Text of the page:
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SFPS aims to fill teacher vacancies through fellows program

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Posted: Wednesday, February 19, 2014 8:00 pm | Updated: 7:44 pm, Fri Feb 21, 2014.

Pam Watts can imagine teaching math in a public high school in Santa Fe. The St. John’s College graduate student already has taught in private schools in Vermont and has tutored Santa Fe students the AVID college-readiness program.

“I’ve seen lots of problems with literary and math skills here, and I want to help,” she said.

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16 comments:

  • Jennifer Bizzarro posted at 3:05 pm on Fri, Feb 21, 2014.

    Jennifer_Bizzarro Posts: 481

    Mr. Knolls,

    Maybe Ms. Watts just meant that she would not be joining Linda Trujillo and Hanna Skandera at Starbucks. [wink]

     
  • Jennifer Bizzarro posted at 3:01 pm on Fri, Feb 21, 2014.

    Jennifer_Bizzarro Posts: 481

    Mr. Salazar,

    I'm still waiting to check the "fact" you quoted earlier this week stating that Skandera's salary is mandated by state law. What "law" is that, sir?

    Ms. Moses was able to answer so quickly, yet you stated "law" at the beginning of this week and dodged the issue of its citation for three days.

    Could it be that such a law does not exist? Inquiring minds want to know.

     
  • Cate Moses posted at 9:51 am on Fri, Feb 21, 2014.

    cate moses Posts: 40

    That's great, Pam, but the point is that this program removes all requirements for a degree in education and teaching experience. You have experience; that's great, you are the exception. Anyone with a bachelor's degree in anything can now be thrown into a classroom, with 8 weeks of training. SFPS prefers "teachers" with no experience, because they are cheap labor, and easier to bully and control. If you love teaching, you'll have a problem with that. This probably sounds like hyperbole to you. Wait 'til you are employed by SFPS (very different from being a volunteer) and have to deal with the daily avalanche of mandates, "data collection," and insults, the factory curriculum, the total control, and the all failures are due to teachers all test score gains are due to administration attitude. It's not pretty, and it's damn near impossible for anyone to flourish in this environment.

     
  • Pierce Knolls posted at 8:26 am on Fri, Feb 21, 2014.

    Mister Pierce Posts: 1675

    My wife was a pubic school teacher for years. I know it can be very rewarding, regardless of the modest pay. It can also be quite frustrating, especially if you let the administrative politics get to you. I wish you the best of luck, and I hope your students appreciate the all the hard work that you'll inevitably put into helping them learn and grow.

     
  • Pam Watts posted at 11:24 pm on Thu, Feb 20, 2014.

    Pamelita Posts: 3

    I'm sorry, Pam Watts again. I know I should just let it go. But did I not just say that I have nearly 15 years of experience in education? I have taught at the elementary, middle, and high school level. And I have been working at Santa Fe High in the classroom for two years. The low salary and curriculum constrictions have kept me from becoming a full-time public school teacher before now, but seeing as I have been teaching for so long, and my mom was a public school teacher for 40 years, I do think that I have at least a little bit of an idea of what it entails. And I am quite confident that I can handle it, thank you very much.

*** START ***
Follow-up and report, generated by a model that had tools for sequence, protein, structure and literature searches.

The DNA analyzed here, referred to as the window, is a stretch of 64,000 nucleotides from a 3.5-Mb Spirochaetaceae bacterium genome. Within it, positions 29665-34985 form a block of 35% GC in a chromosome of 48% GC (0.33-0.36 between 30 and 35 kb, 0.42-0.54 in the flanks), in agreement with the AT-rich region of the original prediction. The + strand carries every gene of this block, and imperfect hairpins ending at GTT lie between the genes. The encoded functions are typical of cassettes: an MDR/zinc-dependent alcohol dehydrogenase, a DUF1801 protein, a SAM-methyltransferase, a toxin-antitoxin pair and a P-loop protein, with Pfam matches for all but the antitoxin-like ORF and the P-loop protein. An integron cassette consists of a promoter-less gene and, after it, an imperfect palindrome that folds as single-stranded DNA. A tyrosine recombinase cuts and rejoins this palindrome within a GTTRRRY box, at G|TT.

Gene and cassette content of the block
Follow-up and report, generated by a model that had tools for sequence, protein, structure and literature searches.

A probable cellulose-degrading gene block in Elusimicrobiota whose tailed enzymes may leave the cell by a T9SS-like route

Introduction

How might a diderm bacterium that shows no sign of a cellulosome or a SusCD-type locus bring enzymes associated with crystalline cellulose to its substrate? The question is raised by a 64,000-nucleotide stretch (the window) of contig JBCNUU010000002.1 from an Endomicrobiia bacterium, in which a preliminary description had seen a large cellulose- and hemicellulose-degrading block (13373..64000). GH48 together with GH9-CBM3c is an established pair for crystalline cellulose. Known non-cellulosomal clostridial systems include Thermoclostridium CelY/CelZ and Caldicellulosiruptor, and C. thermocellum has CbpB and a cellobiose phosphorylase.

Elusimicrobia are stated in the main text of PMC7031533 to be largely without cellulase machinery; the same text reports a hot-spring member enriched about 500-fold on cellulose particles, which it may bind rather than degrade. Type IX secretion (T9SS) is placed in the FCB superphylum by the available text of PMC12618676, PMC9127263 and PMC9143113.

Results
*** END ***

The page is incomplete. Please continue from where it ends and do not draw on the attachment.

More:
I also think that many of the other candidates for this program will be drawn from folks who also have experience teaching. (At least I would hope.) Anyway, I was working with a senior last year who couldn't pass the Math SBAs. We were doing very basic algebra and she said, "Miss, we haven't had a teacher who stayed in four years to teach us algebra." So that's why I want to become a public school teacher here. Because these kids deserve better than that.

     
  • Cate Moses posted at 9:56 pm on Thu, Feb 20, 2014.

    cate moses Posts: 40

    SFPS, which can never "find" the money for teacher raises, is handing out 4k stipends like candy? How many of these unfortunates will still be around in even a few months? At 4k a pop (+ "the cost of the certificate and all professional-development training") and 100+ vacancies predicted, that's over half a million$.

    Ms. Watts and the others mo doubt have good intentions, but the notion that a nonteacher can be "trained to be a teacher" and "learn classroom management skills, how to implement a lesson plan and cultural sensitivity. . ." in 8 weeks is ludicrous--and it is insulting to the profession of teaching. Our kids will suffer, the new recruits will quit, and the Community College and the Academy for the Love of Learning will be laughing all the way to the bank.

    In Finland, which is often held up as the beacon of education success, teachers attend teachers' college for 5+ years. They also have total autonomy. Here at SFPS, they want warm bodies to "implement lesson plan[s]"-canned, scripted factory junk that's all about testing and not at all about learning.

     
  • oscar michael posted at 2:25 pm on Thu, Feb 20, 2014.

    oscar mike Posts: 142

    Wow! 15 interested individuals to fill a 100 teacher deficit? How long will these poor saps stay employed when they hit the class and see the lack of discipline, lack of resources, and lack of administrative support in the Santa Fe public schools? Teachers don't stay in Santa Fe because it is too expensive to live on the meager salary that is doled out. They really start questioning their stay when they get assaulted in the classroom and the administration allows the kid to return the next day. All this and the regular stupidity of working for public education deters the return of qualified teachers. How do you think it will effect these newbies?